Not long ago, Florida lawmakers adopted some ambitious recycling goals for the state. Tom Flanigan reports those targets are now kicking in and the scramble is on to meet those expectations.
Just ten years ago, nearly one out of every three tons of Florida waste was diverted into recycling programs. But today that figure has dropped to about one out of every five tons. So last year the Florida Legislature set a goal of recycling 75-percent of the state’s waste by the year 2020. Ron Greenstein, a former state lawmaker who now heads Broward County’s Resource Recovery Board, admits that’s a lofty objective.
“Broward County currently is between 25 and 30-percent recycling. One of the things we are doing right now is we built a framework over the next twenty years to get to 75-percent.
Greenstein was among dozens of other experts and advocates in Tallahassee for a half-day long meeting on how to get more residents, businesses and even government agencies on board the recycling train. Greenstein advises making the process easier for the customer, such as doing away with the current need for them to separate paper from plastic bottles and metal cans. Instead, they just toss everything into one bin; what’s called “single stream recycling”.
“This is one machine, one truck, so when it comes in, it’s done in more sophisticated recycling machinery that’s better and has less contamination, so it increases the value plus the amount you have without breakage, so that’s a big thing.”
While that might be a hot issue for large urban counties, small rural counties like Taylor in North Florida don’t even have a single staff person dedicated to a recycling program.
“We do many things. Mostly I do mosquito control, but the director of my department is head of solid waste, recycling, household hazardous waste, mosquito control and animal control.”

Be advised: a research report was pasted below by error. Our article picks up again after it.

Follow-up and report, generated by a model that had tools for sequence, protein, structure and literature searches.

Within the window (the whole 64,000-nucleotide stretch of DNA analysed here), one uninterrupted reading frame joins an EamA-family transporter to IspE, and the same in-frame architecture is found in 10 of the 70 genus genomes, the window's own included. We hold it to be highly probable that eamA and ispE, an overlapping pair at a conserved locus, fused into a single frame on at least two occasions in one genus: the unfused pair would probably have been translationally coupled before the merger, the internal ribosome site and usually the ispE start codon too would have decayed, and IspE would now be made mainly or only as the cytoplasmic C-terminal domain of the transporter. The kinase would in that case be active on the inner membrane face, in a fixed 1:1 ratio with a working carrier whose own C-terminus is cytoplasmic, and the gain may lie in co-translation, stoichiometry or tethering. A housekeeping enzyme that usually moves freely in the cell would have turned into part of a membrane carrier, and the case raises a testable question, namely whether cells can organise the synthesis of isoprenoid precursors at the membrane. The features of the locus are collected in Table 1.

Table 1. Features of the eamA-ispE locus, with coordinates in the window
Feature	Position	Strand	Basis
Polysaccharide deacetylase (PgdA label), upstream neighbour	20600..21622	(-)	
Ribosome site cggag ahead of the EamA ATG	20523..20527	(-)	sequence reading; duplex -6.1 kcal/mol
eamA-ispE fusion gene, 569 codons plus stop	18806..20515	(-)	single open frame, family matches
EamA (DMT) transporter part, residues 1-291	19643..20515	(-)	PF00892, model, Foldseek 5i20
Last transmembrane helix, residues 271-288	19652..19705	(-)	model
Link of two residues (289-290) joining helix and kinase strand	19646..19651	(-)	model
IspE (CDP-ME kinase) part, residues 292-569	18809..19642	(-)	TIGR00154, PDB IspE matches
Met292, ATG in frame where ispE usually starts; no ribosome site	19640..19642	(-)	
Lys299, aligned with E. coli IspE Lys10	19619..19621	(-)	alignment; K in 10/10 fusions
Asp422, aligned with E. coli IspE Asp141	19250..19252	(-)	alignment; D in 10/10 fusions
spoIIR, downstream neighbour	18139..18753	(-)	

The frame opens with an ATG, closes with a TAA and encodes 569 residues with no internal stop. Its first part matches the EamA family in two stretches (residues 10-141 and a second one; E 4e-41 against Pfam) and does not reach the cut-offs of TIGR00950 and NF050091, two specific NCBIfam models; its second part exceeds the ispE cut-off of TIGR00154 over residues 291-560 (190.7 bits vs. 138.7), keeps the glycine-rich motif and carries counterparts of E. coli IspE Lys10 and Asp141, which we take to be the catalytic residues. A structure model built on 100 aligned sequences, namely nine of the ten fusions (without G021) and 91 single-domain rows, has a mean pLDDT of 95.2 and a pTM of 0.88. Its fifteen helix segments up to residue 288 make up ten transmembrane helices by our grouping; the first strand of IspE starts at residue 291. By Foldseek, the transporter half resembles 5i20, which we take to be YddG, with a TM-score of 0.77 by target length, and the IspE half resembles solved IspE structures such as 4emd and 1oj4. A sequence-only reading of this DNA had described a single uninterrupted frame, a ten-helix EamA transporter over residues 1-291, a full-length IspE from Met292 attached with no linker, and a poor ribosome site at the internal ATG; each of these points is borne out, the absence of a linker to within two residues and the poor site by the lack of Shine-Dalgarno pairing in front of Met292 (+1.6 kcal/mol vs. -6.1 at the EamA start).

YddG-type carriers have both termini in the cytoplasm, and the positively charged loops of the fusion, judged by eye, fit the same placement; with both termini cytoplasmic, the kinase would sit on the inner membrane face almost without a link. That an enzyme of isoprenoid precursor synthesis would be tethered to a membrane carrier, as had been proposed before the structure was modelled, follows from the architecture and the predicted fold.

During the meeting, Taylor County’s Cheryl White had her mosquito control hat on. Literally. Technically, she didn’t really have to be there, but she wanted her county to do its part.
“Because of the size of our county, the size of our population, we’re not required to meet the 75-percent goal. But we still want to work as hard as we can to do as much as we can so that’s why I’m looking at all these different options and ideas that have been proposed to see how or if we can implement any of these.”
One idea kicked around was launching more aggressive pro-recycling education programs targeting children. Broward County’s Ron Greenstein:
“I have a seven-year old and a six-year old. Those are the ones that tell me, ‘Why did you throw that paper there? You should have put it in the recycling bin.’ And you know something? It’s because I wasn’t thinking; I had seven things on my mind. And kids are the future of recycling. The only way we’re going to get to that 75-percent is if we spend more money on education, whether it’s TV or pencils in schools that are recyclable and bio-recycling programs. The kids are looking at recycling purchases, too.”
Winter Park video producer Molly Canoli says that sort of thing is right up her alley.
“So you get kids excited about having a hands-on way to help the future of their world, they get excited about it, believe me. I deal with those kids and I see them go through the trash and it’s like treasure to them and they find out, ‘What can I make this? This is cool! This is the coolest thing since sliced bread.’”
But the majority of Florida’s trash, about two-thirds of it, doesn’t come from homes but from businesses. Samantha Padgett with the Florida Retail Federation says many businesses are already very much into recycling.
“We support them being able to innovate within their business models. What we don’t support would be mandates that would be challenging for them and would drive up the cost and would be prohibitive and wouldn’t really deliver the results that are good for their business; for their consumers.”
And that’s the real challenge, how Florida can increase its recycling efforts without new laws or regulations. Because, the way things are now, any county that isn’t meeting its recycling target can fall under the jurisdiction of the State Department of Environmental Protection. Likewise, if the state as a whole doesn’t meeting its forty-percent recycling goal by the end of this year, DEP is supposed to give the legislative leadership a plan on how to meet the goal, which might include new laws and regulations.